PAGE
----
On Earth Day, hundreds gathered at the Idaho state capitol to "March for science." The march, hosted as part of a global event, was organized locally by scientists, students, and educators.
"What do we want, evidence-based science, when do we want it? After peer review," said Jen Pierce a professor at Boise State University to warm up the crowd.
They marched around the capitol building all to promote the understanding of science and to oppose what they see as various threats, including proposed U.S. Government budget cuts under President Donald Trump's administration.
"Last Wednesday at a town hall meeting in Meridian, representative Raul Labrador said and I quote: "I'll stay out of science if scientists stay out of politics." This statement emphasizes exactly why we are here today and why we need to keep educating lawmakers and layman alike," said Dick Jordan, a retired science teacher to the crowd.
In a statement, President Trump says his administration is committed to advancing scientific research that leads to a better understanding of our environment and of environmental risks. But many also spoke out against the state government. Showing disproval of the House Education Committee approving temporary science standards which leave out references to climate change. One speaker, a professor at Boise State, says human-caused global warming is causing the Boise River to flood more regularly and resulting in more devastating wildfires.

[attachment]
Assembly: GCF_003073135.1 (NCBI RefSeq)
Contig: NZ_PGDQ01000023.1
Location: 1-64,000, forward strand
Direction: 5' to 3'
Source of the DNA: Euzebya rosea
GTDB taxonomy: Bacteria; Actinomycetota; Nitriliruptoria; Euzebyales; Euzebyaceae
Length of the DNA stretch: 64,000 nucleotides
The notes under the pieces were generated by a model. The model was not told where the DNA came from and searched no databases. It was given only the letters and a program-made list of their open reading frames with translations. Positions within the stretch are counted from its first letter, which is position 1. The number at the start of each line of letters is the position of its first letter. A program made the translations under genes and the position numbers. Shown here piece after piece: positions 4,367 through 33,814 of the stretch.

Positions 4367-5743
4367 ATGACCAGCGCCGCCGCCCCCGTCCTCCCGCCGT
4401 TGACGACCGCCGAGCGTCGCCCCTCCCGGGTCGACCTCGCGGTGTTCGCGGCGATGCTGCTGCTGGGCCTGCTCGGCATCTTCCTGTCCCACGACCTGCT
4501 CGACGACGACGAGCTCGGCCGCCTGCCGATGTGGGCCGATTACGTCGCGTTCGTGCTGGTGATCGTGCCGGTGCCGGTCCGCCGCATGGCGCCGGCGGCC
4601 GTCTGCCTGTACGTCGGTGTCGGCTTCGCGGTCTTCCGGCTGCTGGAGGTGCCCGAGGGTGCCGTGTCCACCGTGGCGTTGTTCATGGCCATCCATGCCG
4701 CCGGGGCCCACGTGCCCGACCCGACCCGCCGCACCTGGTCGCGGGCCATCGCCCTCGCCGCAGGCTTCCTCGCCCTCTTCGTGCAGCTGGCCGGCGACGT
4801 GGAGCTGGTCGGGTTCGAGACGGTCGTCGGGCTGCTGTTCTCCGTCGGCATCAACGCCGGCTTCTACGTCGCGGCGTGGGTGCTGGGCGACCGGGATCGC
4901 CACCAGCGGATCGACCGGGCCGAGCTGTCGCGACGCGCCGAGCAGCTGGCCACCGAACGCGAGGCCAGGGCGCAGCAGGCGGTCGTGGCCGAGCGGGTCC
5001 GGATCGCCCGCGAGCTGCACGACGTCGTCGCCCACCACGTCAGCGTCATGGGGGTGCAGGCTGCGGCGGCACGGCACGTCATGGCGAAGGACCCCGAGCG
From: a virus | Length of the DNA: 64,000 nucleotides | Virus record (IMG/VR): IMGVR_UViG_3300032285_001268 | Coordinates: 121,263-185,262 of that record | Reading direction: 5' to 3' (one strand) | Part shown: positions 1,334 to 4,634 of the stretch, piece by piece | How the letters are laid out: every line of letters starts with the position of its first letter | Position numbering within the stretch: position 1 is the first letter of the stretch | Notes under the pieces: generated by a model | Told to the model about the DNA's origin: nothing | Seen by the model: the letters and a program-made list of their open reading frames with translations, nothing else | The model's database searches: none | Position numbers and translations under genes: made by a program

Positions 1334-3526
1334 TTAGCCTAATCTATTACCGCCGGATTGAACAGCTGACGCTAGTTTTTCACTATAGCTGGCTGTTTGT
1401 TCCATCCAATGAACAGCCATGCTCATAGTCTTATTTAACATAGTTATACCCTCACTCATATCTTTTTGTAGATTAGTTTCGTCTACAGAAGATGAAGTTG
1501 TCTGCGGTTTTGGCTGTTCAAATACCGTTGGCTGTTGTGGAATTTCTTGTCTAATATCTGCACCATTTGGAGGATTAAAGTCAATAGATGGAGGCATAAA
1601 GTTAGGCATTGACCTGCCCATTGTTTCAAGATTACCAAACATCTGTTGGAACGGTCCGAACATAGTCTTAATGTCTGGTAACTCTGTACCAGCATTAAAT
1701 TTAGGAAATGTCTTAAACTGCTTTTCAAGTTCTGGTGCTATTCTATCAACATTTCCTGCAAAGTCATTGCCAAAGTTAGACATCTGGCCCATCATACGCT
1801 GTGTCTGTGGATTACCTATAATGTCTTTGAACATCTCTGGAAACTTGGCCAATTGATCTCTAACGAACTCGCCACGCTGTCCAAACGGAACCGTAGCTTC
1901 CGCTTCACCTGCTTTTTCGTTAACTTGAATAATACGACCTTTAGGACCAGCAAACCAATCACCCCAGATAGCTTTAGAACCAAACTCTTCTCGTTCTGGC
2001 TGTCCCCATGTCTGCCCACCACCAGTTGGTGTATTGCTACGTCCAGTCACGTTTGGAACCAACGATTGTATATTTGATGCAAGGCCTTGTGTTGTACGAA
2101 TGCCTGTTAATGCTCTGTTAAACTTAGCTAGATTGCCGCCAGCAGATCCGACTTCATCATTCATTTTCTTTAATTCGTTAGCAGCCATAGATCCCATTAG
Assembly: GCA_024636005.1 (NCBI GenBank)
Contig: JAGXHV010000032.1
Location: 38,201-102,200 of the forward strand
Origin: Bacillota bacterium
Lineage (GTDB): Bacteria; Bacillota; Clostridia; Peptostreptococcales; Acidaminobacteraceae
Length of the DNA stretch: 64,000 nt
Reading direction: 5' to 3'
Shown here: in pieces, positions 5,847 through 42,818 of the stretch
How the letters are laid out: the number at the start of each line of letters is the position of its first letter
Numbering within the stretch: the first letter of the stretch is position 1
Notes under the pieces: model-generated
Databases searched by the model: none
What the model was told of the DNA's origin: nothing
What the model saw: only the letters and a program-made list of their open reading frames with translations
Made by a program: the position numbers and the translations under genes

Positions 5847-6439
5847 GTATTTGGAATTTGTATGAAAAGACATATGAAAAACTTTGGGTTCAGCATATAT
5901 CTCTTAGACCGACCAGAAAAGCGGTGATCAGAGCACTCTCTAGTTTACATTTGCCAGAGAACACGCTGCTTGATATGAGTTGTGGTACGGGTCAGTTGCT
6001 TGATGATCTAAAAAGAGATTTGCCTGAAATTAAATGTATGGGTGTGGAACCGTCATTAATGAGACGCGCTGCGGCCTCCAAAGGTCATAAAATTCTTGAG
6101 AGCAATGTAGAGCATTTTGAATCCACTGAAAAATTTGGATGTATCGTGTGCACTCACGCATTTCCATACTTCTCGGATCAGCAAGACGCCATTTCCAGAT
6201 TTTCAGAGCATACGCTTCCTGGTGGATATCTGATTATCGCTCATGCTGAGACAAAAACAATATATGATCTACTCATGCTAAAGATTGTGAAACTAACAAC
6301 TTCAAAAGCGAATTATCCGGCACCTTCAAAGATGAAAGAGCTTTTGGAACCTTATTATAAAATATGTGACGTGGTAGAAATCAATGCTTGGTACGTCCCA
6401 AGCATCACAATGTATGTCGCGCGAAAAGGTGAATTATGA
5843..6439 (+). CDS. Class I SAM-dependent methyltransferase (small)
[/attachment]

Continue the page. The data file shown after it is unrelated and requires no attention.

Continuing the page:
"We need to support evidence-based policy and teach our children fact-based science and the important skill of thinking critically," said Dr. Kara Cadwallader a family physician.
Organizers urged the crowd to continue to fight to not allow an unbiased and evidence-based approach to problem-solving be altered to accommodate ideologies or special interests.
"We must learn to stand up and speak and show the world that science is absolutely essential, not only for today but for our species future success," said Jordan.